Friday, May 07, 2010

Did Nick Blackburn subtract a pitch?

Nick Blackburn’s triumphant return to the mound on Tuesday night was punctuated with a high percentage of groundballs, a downright retro-performance by his standards while lasting the duration of the ballgame. Earlier in the week, Blackburn was in vintage lawnmower form: Of the Tigers’ 33 balls that were put into play, he coaxed 21 of those to remain on the ground. This was a terrific sign for a pitcher who had opponents launching an all-out aerial assault in the prior month, tagging him for six home runs and a hefty .653 slugging percentage.

Sticking mostly with his two-seam fastball with sink action, Blackburn tested the integrity of Target Field’s sod all night long. Assisted by an infield slowed by rain, 19 of the 21 waterlogged grounders were converted to outs. Despite working through the lineup proficiently and using only 94 pitches, Blackburn was seemingly flirting with disaster right up until J.J. Hardy’s game-saving defensive decision as 11 other batted balls became hits.

After the game, Blackburn told LaVelle E Neal that he “threw just a handful of sliders because his slider wasn’t very sharp.” Not only was the slider apparently lacking bite on Tuesday, but it has been missing all season. According to the pitch f/x mapping over the past two years, there is a pitch that is noticeably absent in his repertoire:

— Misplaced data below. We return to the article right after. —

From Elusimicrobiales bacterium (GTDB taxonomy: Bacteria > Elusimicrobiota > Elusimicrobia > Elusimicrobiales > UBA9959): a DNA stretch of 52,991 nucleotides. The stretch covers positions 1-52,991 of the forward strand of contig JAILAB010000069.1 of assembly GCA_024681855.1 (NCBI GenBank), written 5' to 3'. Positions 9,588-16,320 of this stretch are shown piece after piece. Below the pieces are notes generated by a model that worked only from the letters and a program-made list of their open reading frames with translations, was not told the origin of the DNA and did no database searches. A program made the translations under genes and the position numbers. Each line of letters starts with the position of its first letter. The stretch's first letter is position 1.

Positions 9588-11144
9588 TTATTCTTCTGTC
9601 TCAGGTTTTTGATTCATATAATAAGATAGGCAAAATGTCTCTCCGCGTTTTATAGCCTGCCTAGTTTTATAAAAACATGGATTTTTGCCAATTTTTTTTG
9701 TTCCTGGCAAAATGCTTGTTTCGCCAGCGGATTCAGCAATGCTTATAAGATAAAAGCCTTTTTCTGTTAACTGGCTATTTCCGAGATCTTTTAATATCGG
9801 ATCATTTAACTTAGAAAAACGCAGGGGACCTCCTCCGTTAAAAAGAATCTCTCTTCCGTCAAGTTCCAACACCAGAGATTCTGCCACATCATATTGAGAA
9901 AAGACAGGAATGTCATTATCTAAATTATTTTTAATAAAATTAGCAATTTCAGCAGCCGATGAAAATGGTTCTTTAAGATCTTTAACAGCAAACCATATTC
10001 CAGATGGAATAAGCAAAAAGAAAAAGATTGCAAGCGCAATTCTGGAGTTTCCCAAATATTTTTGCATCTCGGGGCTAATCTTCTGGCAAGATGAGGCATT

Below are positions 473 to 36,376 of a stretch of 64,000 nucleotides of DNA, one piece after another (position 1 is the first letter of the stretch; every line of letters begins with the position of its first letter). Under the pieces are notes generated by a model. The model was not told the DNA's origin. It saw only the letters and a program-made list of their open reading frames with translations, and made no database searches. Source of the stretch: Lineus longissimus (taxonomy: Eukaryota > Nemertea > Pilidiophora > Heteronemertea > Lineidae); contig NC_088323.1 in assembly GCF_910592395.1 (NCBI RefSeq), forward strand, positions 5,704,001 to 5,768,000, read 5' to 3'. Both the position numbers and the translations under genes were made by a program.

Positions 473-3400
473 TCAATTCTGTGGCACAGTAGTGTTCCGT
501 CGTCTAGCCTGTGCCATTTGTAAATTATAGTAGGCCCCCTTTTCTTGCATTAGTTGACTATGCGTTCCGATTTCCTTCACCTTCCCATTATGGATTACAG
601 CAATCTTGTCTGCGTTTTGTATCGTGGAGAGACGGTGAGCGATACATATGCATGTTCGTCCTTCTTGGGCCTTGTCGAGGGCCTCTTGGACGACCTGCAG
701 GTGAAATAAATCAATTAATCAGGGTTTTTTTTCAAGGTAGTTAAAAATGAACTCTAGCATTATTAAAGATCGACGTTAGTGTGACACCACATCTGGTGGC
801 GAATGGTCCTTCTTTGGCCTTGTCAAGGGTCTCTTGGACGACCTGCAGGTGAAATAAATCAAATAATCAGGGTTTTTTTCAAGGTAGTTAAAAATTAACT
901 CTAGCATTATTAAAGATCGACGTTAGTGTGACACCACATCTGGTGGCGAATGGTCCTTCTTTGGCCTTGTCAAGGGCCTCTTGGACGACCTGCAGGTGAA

What these two charts indicate is that Blackburn is no longer throwing his slider. As a pitcher that relies heavily on movement and command, losing one bullet in his arsenal is potentially problematic. In 2009, Blackburn was in the bottom five in the categories of Swinging Strikes, Contact Rate and Balls in Play. This season, Blackburn is the lowest among all qualified starters across the board:

Blackburn’s pitch results
Swing Strike%
Balls in Play%

The natural assumption is that the decline in these marks is a direct correlation to his discarded slider. And that would be fairly accurate. In 2009, Blackburn’s slider - with a 10% whiff rate - was his pitch most likely to receive a swing-and-miss. This season he has been filling this void with more hittable fastballs and changeups thus the higher contact totals.

Blackburn has always been the socialist pitcher who regularly redistributes the outs to his fellow defenders yet his strikeouts per 9 innings has fallen from the concerning 4.29 in ’09 to a spit-takingly low 2.48 in ’10. Although he is not anything remotely similar to a strikeout pitcher (a career 4.4 K/9 coming into this season), Blackburn still needs to maintain some level of respectability in this department. More balls put between the chalk lines also creates more opportunities for hits, which is a nasty precursor for runs. Reestablishing his slider could help elevate his strikeout total and reduce the amount of balls in play.